For the Week of March 6, 2106: In the Company of Laughter

We had friends over for dinner last night, two couples who hadn’t met each other before.  It’s always a bit of a gamble to put strangers together in a social situation.  Sometimes my attempts have resulted in lackluster meals, ones where despite the effort made to create an enjoyable meal and lively conversation, the mix of personalities doesn’t seem to work.  But I needn’t have worried; from the moment our friends arrived and were introduced to each other, the evening was punctuated by laughter.  Not the polite kind either, but the hearty involuntary laughter of people enjoying one another.  The kind of laughter I heard described earlier in the day a cognitive neuroscientist, Sophie Scott, in an excerpt from her March 2015 Ted Talk, “Why We Laugh.”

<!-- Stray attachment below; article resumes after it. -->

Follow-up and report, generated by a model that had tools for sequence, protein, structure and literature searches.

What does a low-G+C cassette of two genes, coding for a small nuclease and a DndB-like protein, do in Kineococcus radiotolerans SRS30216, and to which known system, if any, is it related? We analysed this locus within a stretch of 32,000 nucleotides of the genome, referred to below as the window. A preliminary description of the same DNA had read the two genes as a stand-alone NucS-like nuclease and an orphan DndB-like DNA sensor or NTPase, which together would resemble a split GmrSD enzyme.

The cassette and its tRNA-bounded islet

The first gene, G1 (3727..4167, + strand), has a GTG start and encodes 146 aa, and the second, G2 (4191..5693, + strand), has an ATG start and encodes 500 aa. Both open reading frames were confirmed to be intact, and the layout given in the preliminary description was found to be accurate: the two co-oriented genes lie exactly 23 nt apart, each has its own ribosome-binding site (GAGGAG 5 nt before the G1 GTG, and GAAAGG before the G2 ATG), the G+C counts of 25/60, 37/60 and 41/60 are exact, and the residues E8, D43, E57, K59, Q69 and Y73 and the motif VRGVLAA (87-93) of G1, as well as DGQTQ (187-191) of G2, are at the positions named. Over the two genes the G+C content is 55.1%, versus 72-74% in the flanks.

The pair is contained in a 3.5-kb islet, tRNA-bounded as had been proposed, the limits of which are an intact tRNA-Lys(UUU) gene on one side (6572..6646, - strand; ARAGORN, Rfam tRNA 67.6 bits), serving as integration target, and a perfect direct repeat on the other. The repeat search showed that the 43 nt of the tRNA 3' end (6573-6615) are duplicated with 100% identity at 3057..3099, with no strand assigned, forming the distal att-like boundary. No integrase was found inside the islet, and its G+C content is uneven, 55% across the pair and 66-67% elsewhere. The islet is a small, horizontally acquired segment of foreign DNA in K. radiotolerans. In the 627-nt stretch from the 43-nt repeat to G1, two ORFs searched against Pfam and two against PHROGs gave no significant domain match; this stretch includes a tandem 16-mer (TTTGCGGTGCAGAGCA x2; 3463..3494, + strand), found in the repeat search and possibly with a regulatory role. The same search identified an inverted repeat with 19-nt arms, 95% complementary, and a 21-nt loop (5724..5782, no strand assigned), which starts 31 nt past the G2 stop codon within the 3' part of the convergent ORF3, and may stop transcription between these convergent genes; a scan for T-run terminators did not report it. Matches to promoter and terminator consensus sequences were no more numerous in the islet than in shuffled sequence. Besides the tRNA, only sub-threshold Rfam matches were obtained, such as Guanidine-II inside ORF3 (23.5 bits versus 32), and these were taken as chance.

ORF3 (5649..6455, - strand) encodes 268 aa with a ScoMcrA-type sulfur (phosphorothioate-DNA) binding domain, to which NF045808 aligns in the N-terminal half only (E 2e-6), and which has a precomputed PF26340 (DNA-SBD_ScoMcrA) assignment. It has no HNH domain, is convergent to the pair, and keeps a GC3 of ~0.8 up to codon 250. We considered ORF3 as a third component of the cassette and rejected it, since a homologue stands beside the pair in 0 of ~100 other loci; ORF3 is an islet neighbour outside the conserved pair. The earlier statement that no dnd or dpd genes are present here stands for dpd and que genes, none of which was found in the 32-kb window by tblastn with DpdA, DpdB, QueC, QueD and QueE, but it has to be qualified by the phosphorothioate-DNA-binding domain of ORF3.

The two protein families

Laughter is, Scott points out, behaviorally contagious.  “When you’re smilin’,” Louie Armstrong sang, “the whole world smiles with you.”  We humans are thirty times more likely to laugh when we are in the company of others, but much more likely to laugh among people we know and like.

But there’s more to laughter than a good “ha, ha!”  Laughter, as Norman Cousins told us in his 1979 book, Anatomy of an Illness, is good medicine.   We manage our stress better, deal with difficult situations more effectively, and, through shared laughter, build closer social relationships.  Long before Cousins wrote, however, Mark Twain wrote about the power of laughter:  “The human race has only one really effective weapon and that’s laughter,” he said.  “The moment it arises, all our hardnesses yield, all our irritations and resentments slip away, and a sunny spirit takes their place.”